On some level, it appears his trip was not
only a way to gain some experience doing fieldjournalism work and enjoying great
music, but also a way to launch his own personal antiboycott
“Artists who are not coming to play in Israel because they have
some impression of Israelis that they’re all fascists or closeminded, I think if
you got there, people see who you are. They’re just not very familiar with
He also said he feels it’s important that Israelis not group all
Muslims together, saying that he witnessed what he said was a very different
feeling toward Israel and Jews than in the Arab Muslim world.
the festival, he toured the countryside, taking pictures of the dirt roads
jammed with scooters, witch doctors practicing their trade in earthen pits,
construction sites funded by Gaddafi that were left abandoned when the NATO
campaign began, and the occasional Bin Laden bumper sticker.
anything else, he said he saw a destitute and beautiful country, full of people
who did not just see him as a walking ATM machine.
Campos did express
some sentiments that his “hasbara-ofone” motive seemed to remind others of
like-minded Israelis who took the path of outreach to their nation’s enemies and
paid a price. Still, Campos said he was well aware of the dangers posed by
kidnappings and armed groups in Mali, and said he kept his wits about him and
outside of the festival, he was typically cautious about saying where he was
He also pointed out that the Mali government and military took very
serious steps to secure the festival, and that the dunes surrounding the stages
and campsites were thick with heavily- armed soldiers on the watch for al-Qaida
gunmen. At the end of the day, the only dicey moments on his trip were a flat
tire while traveling through the Saharan Desert and a bout of food poisoning
brought on by some dodgy fried fish.
With the festival coming less than
two months after the German tourist’s murder, organizers did their best, as
Campos said, to show their appreciation for the few hardened travelers who made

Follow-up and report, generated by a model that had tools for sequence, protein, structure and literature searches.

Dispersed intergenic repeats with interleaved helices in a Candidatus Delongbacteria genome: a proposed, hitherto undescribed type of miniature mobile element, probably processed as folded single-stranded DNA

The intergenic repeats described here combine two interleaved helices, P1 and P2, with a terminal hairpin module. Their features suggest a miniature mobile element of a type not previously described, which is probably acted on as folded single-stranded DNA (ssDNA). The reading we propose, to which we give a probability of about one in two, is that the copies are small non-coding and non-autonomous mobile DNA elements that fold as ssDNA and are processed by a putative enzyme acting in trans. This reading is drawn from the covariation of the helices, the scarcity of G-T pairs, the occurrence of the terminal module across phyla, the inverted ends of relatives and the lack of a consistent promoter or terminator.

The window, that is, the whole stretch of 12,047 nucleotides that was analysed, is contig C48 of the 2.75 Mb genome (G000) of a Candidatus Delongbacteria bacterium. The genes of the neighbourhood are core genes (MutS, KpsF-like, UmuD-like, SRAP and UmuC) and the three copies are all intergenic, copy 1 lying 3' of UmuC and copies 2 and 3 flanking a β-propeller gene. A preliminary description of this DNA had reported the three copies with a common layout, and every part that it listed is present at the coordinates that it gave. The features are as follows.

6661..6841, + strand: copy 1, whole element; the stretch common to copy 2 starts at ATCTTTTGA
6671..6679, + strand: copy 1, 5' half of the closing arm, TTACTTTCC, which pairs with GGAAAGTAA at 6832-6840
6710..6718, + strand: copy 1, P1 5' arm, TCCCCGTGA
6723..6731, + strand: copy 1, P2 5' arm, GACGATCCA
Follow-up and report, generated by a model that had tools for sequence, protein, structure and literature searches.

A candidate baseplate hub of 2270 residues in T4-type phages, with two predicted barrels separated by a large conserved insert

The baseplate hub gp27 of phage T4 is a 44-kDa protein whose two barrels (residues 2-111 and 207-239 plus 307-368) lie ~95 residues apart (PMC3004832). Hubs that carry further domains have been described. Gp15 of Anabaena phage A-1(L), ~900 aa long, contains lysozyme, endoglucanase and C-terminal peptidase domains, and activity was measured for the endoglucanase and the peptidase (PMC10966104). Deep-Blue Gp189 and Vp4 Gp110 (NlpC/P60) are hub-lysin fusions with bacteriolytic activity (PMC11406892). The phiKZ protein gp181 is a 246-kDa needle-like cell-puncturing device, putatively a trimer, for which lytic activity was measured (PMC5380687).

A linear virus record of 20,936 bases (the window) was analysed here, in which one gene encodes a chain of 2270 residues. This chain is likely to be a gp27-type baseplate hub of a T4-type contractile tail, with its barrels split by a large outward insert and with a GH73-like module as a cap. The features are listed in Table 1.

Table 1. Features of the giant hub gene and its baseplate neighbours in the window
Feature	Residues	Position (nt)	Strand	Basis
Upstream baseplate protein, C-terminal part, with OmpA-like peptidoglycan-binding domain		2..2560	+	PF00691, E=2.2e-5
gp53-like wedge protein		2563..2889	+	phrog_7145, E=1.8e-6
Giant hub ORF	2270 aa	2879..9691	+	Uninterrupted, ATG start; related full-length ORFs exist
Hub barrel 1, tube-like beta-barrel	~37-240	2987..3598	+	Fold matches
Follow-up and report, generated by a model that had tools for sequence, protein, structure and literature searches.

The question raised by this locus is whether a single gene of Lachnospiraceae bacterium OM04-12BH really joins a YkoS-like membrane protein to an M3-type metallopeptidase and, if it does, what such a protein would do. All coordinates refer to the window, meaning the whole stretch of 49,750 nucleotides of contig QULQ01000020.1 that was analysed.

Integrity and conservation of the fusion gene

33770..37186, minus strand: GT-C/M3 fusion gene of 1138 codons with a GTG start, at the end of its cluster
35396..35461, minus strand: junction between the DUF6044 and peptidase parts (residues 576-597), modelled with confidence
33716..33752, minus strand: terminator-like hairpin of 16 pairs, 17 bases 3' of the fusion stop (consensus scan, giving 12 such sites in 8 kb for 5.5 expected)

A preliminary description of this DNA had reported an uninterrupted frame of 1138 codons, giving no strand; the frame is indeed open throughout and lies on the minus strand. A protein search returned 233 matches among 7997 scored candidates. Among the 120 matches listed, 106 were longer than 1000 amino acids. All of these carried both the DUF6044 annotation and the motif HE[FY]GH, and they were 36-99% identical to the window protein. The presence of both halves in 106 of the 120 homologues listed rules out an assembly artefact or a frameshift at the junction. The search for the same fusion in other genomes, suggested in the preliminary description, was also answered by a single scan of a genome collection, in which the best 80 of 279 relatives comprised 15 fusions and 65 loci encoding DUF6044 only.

their way to the festival.
One of these moments of appreciation was on
the final night of the concert, when an MC on stage called for all foreign
tourists to come on stage so they could be thanked for the crowd. As Campos
filmed, tourists walked across the stage one by one as the MC read their name
and called out the name of their home country. Finally, a young Israeli girl
named Lola, who Campos met in Ethiopia on the way to the festival, made her way
up to the stage. In a scene that Campos said was broadcast live on Mali
television, the MC called out “Lola, from Israel,” and the crowd
The show went on, there were no boos, no shots fired and,
watching the video, it appears that no one seemed to care. Minutes earlier,
Campos had taken Lola’s picture as she stood in the crowd next to a man in
military uniform who they were told was the chief of staff of the Mali Armed
Looking back on the trip, Campos said that even with the pricey
($1,500) journey by way of Ethiopia, Mali is a place that Israel’s famously
intrepid travelers should visit. He added that with Mali’s major benefactor
Gaddafi out of the picture, he believes that the anti-Israel sentiment that
exists in Mali will decline further.
“It’s for everyone, Mali, not just
people who are musicians.”